And yes, I love meeting up with Well-Appointed Desk crew online but it’s not even close to the same as playing with pens and inks with Ana and Jesi until we pass out asleep with pen still in hand at a show at 1am (or sometimes 8pm).

For one thing, I think this continues to the the reason that getting back to in-person meet-ups and brick-and-mortar stores and pen shows as it becomes safe is so important for this hobby in the long-term. The entire hobby is built on the benefits of physical goods in a digital world- and now more than ever I feel the necessity of being face-to-face with not just the products- but the people behind them. You know what brings meaning to all the pen and ink releases that don’t really personally speak to me and my tastes? Meeting the person who is not me who those products DO speak to.

But until we can get back to all those crucial in-person events, I’ve still been working on shifting my focus to the “who.” Next time you go to ink up a new batch of pens- pick them based on what they mean to you for a week or two instead of just your favorite looking pen or the best writing pen in your collection. Maybe even instead of just writing the name of the pens and inks you are carrying once you ink them up- write about who made them or sold them to you or gave them to you- and where and how you acquired them.

Just Start. And then, Start Again.

If you feel like you’ve been out of the loop and can’t jump back into the community or the conversation for any reason, I urge you- just jump in. Comment on a post if you have something to say. Join a live Twitch or meet-up even if you can only be there for a short time and your office isn’t perfectly organized for the video (that’s what they make backgrounds for)! Ask the question you’ve been dying to know the answer to on a blog or a video or a Slack channel. Text your pen friends back even if it’s just a quick hello (earth to Jaclyn). Write a sentence or two on post card and slap a stamp on it if a letter is long overdue.

And if you get stuck in the “mehs” once again- when you’re ready- just start again.

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6 comments / Add your comment below

  1. Oh wow, thank you for this. This explains something I’d struggled to name. Thanks for the tips for how to overcome it, too. Will definitely have to put them into practice and see how it goes!

  2. Jaclyn,

    First, thank you — and I feel as if it's hard to say this with out it sounding pro forma, but I mean every word — thank you for being one of the people who worked with such dedication to help all of us deal with the ravages of COVID-19. As a pharmacist, you must be, I think, now standing on a new line of defense as pharmacies are where many of us are getting our vaccinations. When I got my shots at a Walgreen's, I tried to let the pharmacist (and it was the actual pharmacist who have me my shot) know how much I appreciated the pharmacy workers providing these vaccinations, and was appalled to hear how many people were rude and angry while getting vaccinated. I am sorry for the unavoidable strains of the past year-plus with which you had to contend and for the ones that should never have been part of what you had to handle. Thank you.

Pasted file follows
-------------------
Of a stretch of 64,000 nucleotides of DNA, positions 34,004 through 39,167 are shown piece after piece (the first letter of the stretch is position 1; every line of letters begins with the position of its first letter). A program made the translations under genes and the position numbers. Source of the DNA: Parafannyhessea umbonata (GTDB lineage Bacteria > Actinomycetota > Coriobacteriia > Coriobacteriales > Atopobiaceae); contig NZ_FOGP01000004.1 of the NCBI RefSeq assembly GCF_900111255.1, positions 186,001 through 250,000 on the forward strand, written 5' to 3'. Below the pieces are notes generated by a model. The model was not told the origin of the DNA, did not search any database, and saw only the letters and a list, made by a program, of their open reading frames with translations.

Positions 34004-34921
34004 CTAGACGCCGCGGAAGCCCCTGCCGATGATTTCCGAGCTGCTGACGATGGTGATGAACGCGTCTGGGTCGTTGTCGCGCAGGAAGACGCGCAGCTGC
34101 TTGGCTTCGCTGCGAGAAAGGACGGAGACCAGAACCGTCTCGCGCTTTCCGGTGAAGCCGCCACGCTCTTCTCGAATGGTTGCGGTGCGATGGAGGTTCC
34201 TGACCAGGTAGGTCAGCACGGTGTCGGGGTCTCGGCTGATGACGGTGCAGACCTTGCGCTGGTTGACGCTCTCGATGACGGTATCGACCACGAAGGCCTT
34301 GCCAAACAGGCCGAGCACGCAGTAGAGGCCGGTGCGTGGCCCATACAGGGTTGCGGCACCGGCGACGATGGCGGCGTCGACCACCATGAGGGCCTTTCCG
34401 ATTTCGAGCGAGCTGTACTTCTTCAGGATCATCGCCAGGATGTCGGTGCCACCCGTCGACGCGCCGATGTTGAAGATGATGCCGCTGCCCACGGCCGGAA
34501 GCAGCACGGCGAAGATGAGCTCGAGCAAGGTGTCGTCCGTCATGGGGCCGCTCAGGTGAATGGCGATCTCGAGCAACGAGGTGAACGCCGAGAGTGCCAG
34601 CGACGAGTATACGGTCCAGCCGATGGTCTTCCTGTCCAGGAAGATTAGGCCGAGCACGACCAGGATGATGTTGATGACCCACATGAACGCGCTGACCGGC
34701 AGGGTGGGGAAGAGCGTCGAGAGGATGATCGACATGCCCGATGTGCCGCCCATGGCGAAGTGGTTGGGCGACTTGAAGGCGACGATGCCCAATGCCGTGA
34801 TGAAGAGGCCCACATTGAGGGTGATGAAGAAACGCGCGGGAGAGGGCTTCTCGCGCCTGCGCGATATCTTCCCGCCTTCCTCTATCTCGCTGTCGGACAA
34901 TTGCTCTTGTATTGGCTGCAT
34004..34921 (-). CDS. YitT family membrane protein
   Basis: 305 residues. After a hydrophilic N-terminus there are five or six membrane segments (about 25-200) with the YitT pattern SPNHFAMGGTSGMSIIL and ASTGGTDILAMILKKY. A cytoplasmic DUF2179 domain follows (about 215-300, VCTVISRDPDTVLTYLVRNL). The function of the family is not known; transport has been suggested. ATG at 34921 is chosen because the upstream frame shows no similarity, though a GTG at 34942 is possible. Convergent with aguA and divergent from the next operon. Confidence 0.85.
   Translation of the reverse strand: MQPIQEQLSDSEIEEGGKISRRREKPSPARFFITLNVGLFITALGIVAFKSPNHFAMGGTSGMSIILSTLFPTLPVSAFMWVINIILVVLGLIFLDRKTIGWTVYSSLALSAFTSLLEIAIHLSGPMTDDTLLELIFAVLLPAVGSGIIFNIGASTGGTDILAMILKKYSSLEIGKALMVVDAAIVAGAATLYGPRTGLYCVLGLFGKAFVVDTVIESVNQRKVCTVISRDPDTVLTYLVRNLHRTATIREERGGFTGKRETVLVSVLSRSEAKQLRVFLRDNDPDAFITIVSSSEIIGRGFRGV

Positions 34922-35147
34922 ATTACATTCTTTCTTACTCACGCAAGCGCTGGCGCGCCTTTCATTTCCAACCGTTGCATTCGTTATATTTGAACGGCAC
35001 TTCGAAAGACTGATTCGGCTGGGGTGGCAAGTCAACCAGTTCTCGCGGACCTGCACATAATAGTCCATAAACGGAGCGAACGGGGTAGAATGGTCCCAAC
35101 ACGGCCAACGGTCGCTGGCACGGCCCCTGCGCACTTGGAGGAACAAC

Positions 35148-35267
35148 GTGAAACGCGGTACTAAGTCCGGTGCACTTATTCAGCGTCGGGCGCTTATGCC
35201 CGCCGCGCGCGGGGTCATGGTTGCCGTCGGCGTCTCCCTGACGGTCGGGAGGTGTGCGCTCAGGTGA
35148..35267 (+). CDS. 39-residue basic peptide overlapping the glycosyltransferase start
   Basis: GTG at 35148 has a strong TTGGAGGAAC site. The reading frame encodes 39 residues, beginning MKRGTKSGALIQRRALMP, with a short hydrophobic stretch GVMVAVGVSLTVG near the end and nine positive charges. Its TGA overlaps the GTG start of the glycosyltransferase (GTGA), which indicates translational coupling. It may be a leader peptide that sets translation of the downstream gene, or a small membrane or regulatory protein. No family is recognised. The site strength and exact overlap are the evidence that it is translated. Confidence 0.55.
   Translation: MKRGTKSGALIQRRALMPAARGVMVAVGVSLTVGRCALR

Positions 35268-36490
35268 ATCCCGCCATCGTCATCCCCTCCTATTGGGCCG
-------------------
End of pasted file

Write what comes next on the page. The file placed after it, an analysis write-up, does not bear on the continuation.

Next, I honestly don't know when I'll feel safe gathering in large groups, though a lot of that has to do with my personal health situation as well as with the uncertainties of variants and those who choose not to get the vaccination (I know there are also people who cannot get for health reasons), but I too hope to attend our local show at the end of the year. My stationery vocation ("hobby" seems too weak a word) has seemed a much more human way to keep in touch with people than electronic communications and I hope to keep up the habit.

    The wisest part of your sagacious post may be your reminder that "Even though the pandemic was an all-encompassing shared experience across much of the human race — I think it’s important to remember that each of us experienced it a little differently." While you tie that truth specifically to "engagement with the stationery hobby," what you wrote will be true for every aspect of our emergence into whatever it that is coming next (I'm not looking for a "return to normal"; I'm hoping for a shift to something better). I can barely begin to imagine what so many people endured as grocery clerks who couldn't quit their jobs, as primary healthcare providers, as EMTs, as someone who was intubated for months, as a member of a family grieving the loss of one or many beloved relations, as a child unable to play with friends for so many, many months.

    Let us all be as kind as we can possibly can.

  3. <3 I think I need to hear this today. The mehs have been rattling around in my brain for awhile now. It’s time I start something new and if that doesn’t work, start something new again.

  4. Such a great article. Thank you. You captured my mood exactly; I’ve been feeling “meh” for a while now. Normally I write several pages per day in my journal; lately it’s been a few lines one day, then skip a couple of days. I’m supposed to mail out some pens to Mike Masuyama to have work done, including stubbing a new one, and normally I’d be super excited about that. But I’m having trouble just getting the pens cleaned out and ready to ship! Well, our state (Colorado) has opened back up, so I’m hoping my pen club will be meeting sometime in the near future. I really miss my pen friends!

    I’d better count my blessings, though. Our family did not lose anyone to the pandemic. I feel super sad for those who did lose loved ones. I’ll try to keep that in mind while I get off the couch and go clean out some pens. My problems are NOTHING.